I'm not saying that there's no room for improvement in Philadelphia's new code.  I don't understand, for example, why the contents of the footnotes aren't included in the same PDF as the table itself.  And I hate American Legal's interface for the online code -- because, for example, it uses frames and won't provide a URL that links directly to the PDF of the residential use table.  But the Philadelphia code does show you the difference that competent draftsmanship makes.

The ZRR is not competently drafted.  It's emphatically not "good enough for government work."  In fact, I'm shocked that any major city would consider adopting regulations that are this poorly written.  And the text is only getting worse as OP struggles to add patches and carve out exceptions.  Clearly, this is an agency that lacks the in-house capacity to write user-friendly regs.  So rather than put the same text back in the blender for yet another whirl, it's time to separate the task of amending the code from the task of streamlining the code.  Let OP submit its substantive changes to the ZC as text amendments and, when that process is complete, outsource the task of making the code more streamlined and user-friendly to people who actually know how to do that kind of work.
*N.B. I'm speaking about user-friendliness here rather than the content of Philadelphia's new code.  I can't vouch for the latter.


Monday, April 7, 2014

Not the Planning Director We Need

Three days into his lame-duckitude, at 6:42 pm on a Friday evening, Mayor Gray issued a press release announcing his appointment of Ellen McCarthy as the new Director of the Office of Planning.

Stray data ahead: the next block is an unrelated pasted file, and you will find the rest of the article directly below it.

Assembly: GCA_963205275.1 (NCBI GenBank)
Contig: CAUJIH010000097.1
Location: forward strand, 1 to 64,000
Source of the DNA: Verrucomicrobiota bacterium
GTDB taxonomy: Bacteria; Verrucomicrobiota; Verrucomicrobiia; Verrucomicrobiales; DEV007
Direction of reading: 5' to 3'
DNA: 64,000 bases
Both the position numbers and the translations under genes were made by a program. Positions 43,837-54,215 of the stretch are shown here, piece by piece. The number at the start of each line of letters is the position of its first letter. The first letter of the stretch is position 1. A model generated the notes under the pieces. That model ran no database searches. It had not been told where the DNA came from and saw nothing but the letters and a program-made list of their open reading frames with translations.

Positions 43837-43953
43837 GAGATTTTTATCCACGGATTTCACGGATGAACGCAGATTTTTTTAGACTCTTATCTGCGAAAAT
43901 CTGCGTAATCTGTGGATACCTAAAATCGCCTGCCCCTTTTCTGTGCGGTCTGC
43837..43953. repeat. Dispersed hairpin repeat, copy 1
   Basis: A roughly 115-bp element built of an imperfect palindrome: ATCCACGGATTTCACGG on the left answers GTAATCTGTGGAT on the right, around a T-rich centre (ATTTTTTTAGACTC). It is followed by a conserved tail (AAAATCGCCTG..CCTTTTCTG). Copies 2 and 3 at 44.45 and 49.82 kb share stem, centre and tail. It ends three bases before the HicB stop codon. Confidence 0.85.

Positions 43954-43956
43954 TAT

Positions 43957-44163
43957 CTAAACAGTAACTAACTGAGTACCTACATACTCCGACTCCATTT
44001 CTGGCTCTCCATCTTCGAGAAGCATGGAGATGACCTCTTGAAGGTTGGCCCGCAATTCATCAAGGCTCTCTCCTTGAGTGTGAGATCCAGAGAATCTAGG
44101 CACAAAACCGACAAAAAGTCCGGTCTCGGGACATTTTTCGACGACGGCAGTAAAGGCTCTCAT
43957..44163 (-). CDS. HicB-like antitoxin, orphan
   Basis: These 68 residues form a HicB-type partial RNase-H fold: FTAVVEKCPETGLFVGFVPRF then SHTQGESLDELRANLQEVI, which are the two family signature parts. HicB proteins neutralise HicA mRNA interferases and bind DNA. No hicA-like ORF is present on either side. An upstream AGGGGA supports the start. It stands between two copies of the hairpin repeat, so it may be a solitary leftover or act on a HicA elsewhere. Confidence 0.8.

There’s a reason Mayor Gray didn’t make this appointment before the primary.   With controversy over the zoning review heating up, McCarthy would have quickly and predictably become a real liability on the campaign trail.   But now that his hopes of re-election have been dashed, Gray no longer appears to care what DC voters think or want.  McCarthy's appointment is a pretty clear sign that his goal at this point is to push the ZRR through before he leaves office.  The Mayor has always seemed disengaged from the zoning debate (leaving it to Harriet Tregoning) and, I suspect, he has no clue as to how truly screwed-up the draft regulations are.  (Judging from her comments during the round of debates prior to the Democratic primary, Muriel Bowser seems to share Gray's lack of awareness -- though that's somewhat more excusable in a Council Member.  It remains to be seen where David Catania stands on these issues.)

As last month’s OP Oversight hearings demonstrated, the Office of Planning is an agency that has lost the public trust.  And that sentiment was powerfully expressed by citizens from across the city.  In my experience, as well as that of many other neighborhood activists I know, that loss of trust has been a long process, dating back to Ellen McCarthy’s previous tenure as Deputy Director (and later Director) of the Office of Planning. 

Let me acknowledge, up front, that McCarthy did some important work in the 1980s and 1990s – primarily, but not exclusively, downtown.  She’s best-known for her effective advocacy of the kind of residential and arts development that has kept Penn Quarter from becoming a sterile office ghetto.  Both in and out of downtown, she’s also done significant work on historic preservation and on overlays.  But that was before she joined the Office of Planning.  (More about her record there, below.)